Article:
“I do know that tournaments with a very big buy in, like the $100k, attract businessman who can afford to play in these events. That’s good for the poker economy, but I don’t know how many there are that just put up 100% of the buy in. Maybe if I had a graph that showed me every single person that put up their own money, and if that number increases or not, that would help to gage if it’s good or bad for the poker economy. I don’t have a strong opinion on this subject and I’m not going to pretend like I do,” Jaka said.
The leaves us with one final thing, some tips from Jaka himself as he explains how he travels the world and the changes he’s made to sustain his life as a poker professional. In short, there are ways for poker players, but also for other travelers or just people looking to improve on their budgeting, to revise their spending habits and to become much more aware of them.
“When I first traveled for a year and a half after graduating I was doing a lot of EPTs. I was eating room service, booking flights last minute and taking taxis. That was driving up the cost real fast. Some of the adjustments I’ve made are, in general just being very organized,” Jaka starts with a little look into the way he used to do things.
“I now have an Excel worksheet where I have my travel schedule,” Jaka continued, “I plan about three-to-six months in advance and put all the tournament dates that I might go to in there. The earlier you can book your flights the more money you can save on that already.”
It’s all about the money…
Jaka went into a little detail about which websites he uses to stay ahead of the curve.
“For example instead of booking hotels there are websites like AirBNB.com where you can rent full apartments for cheap. By having an apartment you can now go grocery shopping, and by staying close to public transport access you save yourself a lot of money. When you’re flying in the States, for instance, you can book with SouthWest.com and they have no change or cancel fees, even last minute. Sometimes you go to a tournament which is five days long, and beforehand you don’t know if you’re going to be there for one or five days. So in that case you book a flight back on Day 3 and on Day 5 and if you don’t need those you can just cancel them without a fee. That saves you a ton of money, because you’re paying as if you booked the flights way in advance. A lot of players get knocked out of a tournament and they want to go home right away. They end up booking a last-minute ticket and wasting $300, $400 or maybe $500 on that ticket. Think about doing that all year, it sure adds up quickly to over $10,000. Another thing people don’t do well is keeping track of their money. You should use a system, I use a website called Mint.com where you can put all your credit, debit cards and accounts into. This website categorizes all your spending and shows where you spend money on, like restaurants, hotels, flights and this helps you see where your money goes. You can also put budgets on there, and sometimes I mention this to people and they tell me that they don’t want to see that information.”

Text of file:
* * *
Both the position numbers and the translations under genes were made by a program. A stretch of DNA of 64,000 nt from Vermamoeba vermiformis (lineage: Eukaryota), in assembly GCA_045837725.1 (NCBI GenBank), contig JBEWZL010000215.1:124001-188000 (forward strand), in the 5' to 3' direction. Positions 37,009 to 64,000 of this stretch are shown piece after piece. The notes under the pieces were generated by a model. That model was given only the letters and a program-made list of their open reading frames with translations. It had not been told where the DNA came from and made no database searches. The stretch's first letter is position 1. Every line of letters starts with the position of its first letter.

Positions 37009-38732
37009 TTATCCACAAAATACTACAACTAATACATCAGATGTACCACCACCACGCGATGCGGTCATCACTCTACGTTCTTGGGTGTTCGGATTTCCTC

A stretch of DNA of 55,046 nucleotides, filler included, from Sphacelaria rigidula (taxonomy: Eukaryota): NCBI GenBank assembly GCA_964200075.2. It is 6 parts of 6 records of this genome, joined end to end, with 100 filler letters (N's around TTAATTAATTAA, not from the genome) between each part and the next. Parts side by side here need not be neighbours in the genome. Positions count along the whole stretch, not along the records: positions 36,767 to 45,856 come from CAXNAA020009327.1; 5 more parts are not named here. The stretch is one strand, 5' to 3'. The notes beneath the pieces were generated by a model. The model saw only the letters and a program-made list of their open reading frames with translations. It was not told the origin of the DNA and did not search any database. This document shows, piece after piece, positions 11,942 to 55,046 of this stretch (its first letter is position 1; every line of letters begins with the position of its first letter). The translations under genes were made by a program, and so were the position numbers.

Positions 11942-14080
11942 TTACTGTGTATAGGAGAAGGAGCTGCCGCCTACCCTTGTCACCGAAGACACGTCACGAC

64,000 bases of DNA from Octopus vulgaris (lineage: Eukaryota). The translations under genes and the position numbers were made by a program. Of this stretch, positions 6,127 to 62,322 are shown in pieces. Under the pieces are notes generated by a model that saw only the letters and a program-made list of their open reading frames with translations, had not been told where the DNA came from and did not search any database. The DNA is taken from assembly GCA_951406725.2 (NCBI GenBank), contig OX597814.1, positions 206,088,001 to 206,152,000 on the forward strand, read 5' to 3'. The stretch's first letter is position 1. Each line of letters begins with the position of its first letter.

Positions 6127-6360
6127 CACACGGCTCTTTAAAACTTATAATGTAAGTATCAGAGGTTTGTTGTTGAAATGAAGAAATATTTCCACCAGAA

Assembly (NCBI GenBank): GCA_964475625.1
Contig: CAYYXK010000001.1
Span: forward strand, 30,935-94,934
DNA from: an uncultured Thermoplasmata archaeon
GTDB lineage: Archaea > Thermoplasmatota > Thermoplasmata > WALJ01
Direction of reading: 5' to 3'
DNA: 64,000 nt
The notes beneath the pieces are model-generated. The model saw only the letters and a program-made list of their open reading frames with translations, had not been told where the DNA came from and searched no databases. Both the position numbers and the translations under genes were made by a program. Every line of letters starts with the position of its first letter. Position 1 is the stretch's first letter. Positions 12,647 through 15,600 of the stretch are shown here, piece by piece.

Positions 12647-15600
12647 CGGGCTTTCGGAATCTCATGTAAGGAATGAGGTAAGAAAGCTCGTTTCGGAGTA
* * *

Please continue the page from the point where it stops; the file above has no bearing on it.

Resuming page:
It’s good to know Jaka is not telling people to completely stop spending their money, just to be a little smarter with it.
“I’m not saying “don’t’ do any fun stuff and have no luxury,” but try to pick and choose where you do it. You don’t have to do it in every single aspect of your life, but decide which things are more important to you and bring your life more utility. It’s fun to relax sometimes and not have to be careful with your money. Splurging a little is not bad, but do it on occasions for things you really enjoy. A lot of poker players don’t want to know how much they spend on traveling and such. They say that they hate seeing that number, but to me that’s very silly. Let’s say you have a problem with your wife, and you know that there’s a problem. Instead of dealing with it you’re just going to go to the bar and drink, but that’s clearly the worst thing you can do. It’s the same with managing your money and any sort of problem. You don’t want to ignore things and block them out. You need to face them, otherwise you’re just going to elongate the problem and it’s going to hit you harder in the future,” Jaka closed out with.